Study and clinical application of a porcine biomembrane for the repair of dural defects

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✓ A biomembrane was developed from pig peritoneum treated with 0.65% glutaraldehyde. This was evaluated for use as a dural substitute in an animal model and in a patient population. After being treated with the glutaraldehyde solution, the biomembrane lost its antigenicity while its collagen underwent an irreversible cross-linking reaction, causing it to become a stable nonviable polymer resistant to absorption by the host. The biomembrane was used experimentally in 43 procedures on 20 dogs and was applied clinically in 614 patients. The results demonstrated that it is an acceptable material for the repair of dural defects, with the following advantages: 1) it is nontoxic to the body and brain tissues, with minimal tissue reaction; 2) its biophysical properties facilitate watertight closure with sutures; 3) its distensibility makes it suitable for decompressive surgical dural repair; and 4) its visceral surface is extremely smooth, causing virtually no adhesions with the brain tissue while the outer surface readily heals with the subcutaneous tissue.

Article Information

Address reprint requests to: Xu Bang-Zong, Department of Neurosurgery, Second Teaching Hospital of the Fourth Military College, Xi'an, Shanxi, People's Republic of China.

© AANS, except where prohibited by US copyright law.

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Figures

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    Photomicrograph showing the interface between the inner surface of a biomembrane implant and brain tissue. There are no adhesions. H & E, × 225.

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    Photomicrograph of a sample of biomembrane. The field shows mainly fibrous connective tissue. H & E, × 225.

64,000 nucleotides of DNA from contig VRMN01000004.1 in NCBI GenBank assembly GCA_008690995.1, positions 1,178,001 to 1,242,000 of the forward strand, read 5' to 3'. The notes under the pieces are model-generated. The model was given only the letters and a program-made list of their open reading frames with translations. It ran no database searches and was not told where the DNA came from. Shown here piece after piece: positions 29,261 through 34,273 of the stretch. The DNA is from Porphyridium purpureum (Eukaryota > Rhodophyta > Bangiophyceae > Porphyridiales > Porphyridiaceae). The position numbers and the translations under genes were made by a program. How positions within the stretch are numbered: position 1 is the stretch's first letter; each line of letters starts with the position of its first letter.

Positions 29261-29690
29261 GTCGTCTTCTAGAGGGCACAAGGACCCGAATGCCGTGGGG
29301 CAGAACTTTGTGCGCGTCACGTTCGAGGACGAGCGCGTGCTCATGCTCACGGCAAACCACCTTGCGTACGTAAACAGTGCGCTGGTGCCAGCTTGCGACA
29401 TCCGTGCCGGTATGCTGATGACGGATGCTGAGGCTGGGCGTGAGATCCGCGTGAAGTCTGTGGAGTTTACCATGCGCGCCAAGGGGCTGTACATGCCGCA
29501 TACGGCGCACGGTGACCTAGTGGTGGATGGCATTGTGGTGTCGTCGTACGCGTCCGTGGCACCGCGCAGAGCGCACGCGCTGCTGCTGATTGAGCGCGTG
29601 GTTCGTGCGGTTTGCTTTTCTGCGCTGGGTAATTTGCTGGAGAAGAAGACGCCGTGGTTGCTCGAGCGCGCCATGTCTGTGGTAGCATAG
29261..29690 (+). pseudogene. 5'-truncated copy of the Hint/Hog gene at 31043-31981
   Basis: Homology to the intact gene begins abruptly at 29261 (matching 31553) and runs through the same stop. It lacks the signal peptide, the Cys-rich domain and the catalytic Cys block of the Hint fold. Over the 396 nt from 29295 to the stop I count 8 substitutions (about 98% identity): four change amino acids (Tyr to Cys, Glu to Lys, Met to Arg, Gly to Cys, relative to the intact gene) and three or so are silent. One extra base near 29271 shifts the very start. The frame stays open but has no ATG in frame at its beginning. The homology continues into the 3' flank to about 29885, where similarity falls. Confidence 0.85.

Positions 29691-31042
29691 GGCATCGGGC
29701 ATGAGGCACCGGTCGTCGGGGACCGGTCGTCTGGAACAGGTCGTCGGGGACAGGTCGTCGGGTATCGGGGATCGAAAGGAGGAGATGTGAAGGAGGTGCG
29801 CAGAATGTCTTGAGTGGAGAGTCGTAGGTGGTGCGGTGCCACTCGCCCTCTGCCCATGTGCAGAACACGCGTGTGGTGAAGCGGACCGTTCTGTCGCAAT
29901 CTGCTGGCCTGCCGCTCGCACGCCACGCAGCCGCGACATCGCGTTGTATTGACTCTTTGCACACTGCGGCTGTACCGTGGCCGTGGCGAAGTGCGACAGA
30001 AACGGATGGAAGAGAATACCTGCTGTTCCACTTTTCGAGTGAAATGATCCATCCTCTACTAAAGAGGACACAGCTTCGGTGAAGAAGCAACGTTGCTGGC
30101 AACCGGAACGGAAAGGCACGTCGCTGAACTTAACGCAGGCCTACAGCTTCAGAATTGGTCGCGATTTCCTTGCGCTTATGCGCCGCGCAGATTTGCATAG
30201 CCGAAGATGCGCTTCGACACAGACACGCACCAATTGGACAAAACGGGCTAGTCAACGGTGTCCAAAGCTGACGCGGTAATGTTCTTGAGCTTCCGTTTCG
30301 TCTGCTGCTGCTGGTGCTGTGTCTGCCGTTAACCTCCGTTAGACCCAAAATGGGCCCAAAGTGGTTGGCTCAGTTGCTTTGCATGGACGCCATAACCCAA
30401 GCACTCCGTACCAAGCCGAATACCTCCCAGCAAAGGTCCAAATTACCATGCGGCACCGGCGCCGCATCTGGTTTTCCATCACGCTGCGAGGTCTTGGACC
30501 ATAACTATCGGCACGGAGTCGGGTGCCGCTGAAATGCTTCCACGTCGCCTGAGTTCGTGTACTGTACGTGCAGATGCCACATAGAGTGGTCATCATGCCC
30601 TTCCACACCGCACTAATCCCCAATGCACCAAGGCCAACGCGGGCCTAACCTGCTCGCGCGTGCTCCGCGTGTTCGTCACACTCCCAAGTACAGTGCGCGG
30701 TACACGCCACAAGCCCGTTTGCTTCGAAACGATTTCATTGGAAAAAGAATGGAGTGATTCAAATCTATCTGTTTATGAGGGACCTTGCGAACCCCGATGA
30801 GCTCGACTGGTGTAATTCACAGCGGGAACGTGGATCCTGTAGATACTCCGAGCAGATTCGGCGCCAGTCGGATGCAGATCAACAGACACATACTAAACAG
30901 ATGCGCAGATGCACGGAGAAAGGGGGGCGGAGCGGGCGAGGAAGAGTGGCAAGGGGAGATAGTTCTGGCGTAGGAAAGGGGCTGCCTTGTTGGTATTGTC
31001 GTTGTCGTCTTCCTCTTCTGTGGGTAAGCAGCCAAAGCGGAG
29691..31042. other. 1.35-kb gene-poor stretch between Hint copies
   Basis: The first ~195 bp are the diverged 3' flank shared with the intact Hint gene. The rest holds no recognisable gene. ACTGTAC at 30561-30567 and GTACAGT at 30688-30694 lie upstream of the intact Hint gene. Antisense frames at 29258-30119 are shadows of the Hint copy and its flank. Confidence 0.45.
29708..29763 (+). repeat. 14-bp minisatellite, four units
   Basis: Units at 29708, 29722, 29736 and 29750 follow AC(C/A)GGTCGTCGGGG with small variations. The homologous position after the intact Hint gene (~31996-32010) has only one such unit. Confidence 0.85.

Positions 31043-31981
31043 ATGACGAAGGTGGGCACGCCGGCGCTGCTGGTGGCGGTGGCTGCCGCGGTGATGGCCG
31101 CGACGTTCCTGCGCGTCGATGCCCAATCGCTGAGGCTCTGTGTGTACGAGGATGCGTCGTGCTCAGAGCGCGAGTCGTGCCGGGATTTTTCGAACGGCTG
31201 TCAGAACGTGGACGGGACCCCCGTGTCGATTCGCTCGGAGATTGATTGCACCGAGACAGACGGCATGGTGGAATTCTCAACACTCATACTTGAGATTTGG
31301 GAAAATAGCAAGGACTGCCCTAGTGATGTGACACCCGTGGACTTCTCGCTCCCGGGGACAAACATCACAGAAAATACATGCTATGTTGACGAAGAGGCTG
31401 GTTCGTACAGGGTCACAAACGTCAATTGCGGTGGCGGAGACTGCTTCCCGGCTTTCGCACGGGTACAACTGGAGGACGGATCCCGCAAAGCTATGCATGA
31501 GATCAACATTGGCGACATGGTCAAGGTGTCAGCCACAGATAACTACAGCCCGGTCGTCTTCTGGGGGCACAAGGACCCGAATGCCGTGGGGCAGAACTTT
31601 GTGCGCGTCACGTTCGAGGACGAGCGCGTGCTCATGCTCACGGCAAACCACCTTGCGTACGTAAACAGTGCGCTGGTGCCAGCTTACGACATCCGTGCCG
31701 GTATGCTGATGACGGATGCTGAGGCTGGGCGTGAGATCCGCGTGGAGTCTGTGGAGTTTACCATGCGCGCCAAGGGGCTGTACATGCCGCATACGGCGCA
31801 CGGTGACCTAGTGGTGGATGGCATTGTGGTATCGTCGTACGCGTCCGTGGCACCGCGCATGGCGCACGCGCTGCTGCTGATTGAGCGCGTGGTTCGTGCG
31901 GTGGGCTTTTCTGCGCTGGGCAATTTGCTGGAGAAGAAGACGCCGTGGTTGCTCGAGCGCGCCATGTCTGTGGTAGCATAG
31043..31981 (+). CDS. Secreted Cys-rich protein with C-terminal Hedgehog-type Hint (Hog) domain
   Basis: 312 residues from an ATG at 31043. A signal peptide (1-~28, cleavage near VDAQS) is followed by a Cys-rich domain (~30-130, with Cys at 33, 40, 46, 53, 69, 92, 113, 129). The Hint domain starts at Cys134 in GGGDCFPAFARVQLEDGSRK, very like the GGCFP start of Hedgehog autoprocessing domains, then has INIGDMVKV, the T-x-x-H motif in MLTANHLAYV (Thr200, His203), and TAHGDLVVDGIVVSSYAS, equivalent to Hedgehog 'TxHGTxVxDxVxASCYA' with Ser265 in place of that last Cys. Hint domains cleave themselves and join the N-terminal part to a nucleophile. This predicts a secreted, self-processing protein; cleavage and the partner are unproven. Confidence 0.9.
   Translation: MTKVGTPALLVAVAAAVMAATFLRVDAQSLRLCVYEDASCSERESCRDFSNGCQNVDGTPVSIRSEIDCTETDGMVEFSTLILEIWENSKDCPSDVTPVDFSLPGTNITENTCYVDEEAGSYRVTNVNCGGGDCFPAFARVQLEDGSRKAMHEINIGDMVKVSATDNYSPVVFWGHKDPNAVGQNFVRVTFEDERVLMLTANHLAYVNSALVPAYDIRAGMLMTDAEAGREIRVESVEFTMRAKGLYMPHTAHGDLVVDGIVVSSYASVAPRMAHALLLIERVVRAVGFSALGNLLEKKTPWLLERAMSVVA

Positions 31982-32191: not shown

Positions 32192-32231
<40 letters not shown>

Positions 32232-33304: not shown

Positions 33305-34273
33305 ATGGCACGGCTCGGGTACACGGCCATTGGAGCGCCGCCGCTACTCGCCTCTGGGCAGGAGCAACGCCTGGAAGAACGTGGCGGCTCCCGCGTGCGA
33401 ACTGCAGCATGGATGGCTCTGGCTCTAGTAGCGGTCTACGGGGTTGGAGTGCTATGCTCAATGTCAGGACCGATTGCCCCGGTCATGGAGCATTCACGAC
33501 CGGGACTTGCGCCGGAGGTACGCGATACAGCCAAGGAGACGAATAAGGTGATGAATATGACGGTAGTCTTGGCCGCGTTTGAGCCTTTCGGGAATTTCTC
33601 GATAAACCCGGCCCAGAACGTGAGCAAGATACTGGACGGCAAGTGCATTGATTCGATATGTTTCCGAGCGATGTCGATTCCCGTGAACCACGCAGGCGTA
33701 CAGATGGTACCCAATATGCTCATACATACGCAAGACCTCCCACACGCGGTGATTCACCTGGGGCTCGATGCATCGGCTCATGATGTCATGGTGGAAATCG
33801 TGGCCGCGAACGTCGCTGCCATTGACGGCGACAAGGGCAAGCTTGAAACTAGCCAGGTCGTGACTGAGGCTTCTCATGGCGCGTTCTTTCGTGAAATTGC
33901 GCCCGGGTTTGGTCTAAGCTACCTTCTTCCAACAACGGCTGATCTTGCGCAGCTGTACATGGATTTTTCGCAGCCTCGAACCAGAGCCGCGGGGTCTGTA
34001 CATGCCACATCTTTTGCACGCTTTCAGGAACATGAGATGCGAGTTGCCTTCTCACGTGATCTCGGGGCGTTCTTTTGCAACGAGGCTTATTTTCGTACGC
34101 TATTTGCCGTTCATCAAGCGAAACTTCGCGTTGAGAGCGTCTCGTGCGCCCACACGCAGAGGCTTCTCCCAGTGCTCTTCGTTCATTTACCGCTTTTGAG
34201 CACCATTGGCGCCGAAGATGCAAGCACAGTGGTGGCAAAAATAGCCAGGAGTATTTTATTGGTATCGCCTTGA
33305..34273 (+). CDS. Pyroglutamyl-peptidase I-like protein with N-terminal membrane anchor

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    Photomicrograph of the cerebral cortex of a dog with biomembrane implants showing a normal appearance. H & E, × 225.

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    Electron micrograph of the biomembrane before implantation showing collagenous and elastic fibers. × 7600.

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    Electron micrograph of the dura mater of normal dog, which consists mainly of regularly arranged collagenous fibers with a structure similar to that of the biomembrane. × 10,100.

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    Electron micrograph of the biomembrane removed after implantation showing a large amount of collagenous fiber. × 5290.

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    Left: Electron micrograph of the brain tissue of a normal dog, showing normal neurons and glia. × 4100. Right: Electron micrograph of brain tissue underneath a biomembrane implant showing mostly normal neurons and glia. × 5285.

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    Photograph at a second exploration operation in a patient 13 months after implantation of biomembrane dural substitute. No adhesion was found between the implant and brain tissue, and the cerebrum appeared normal.

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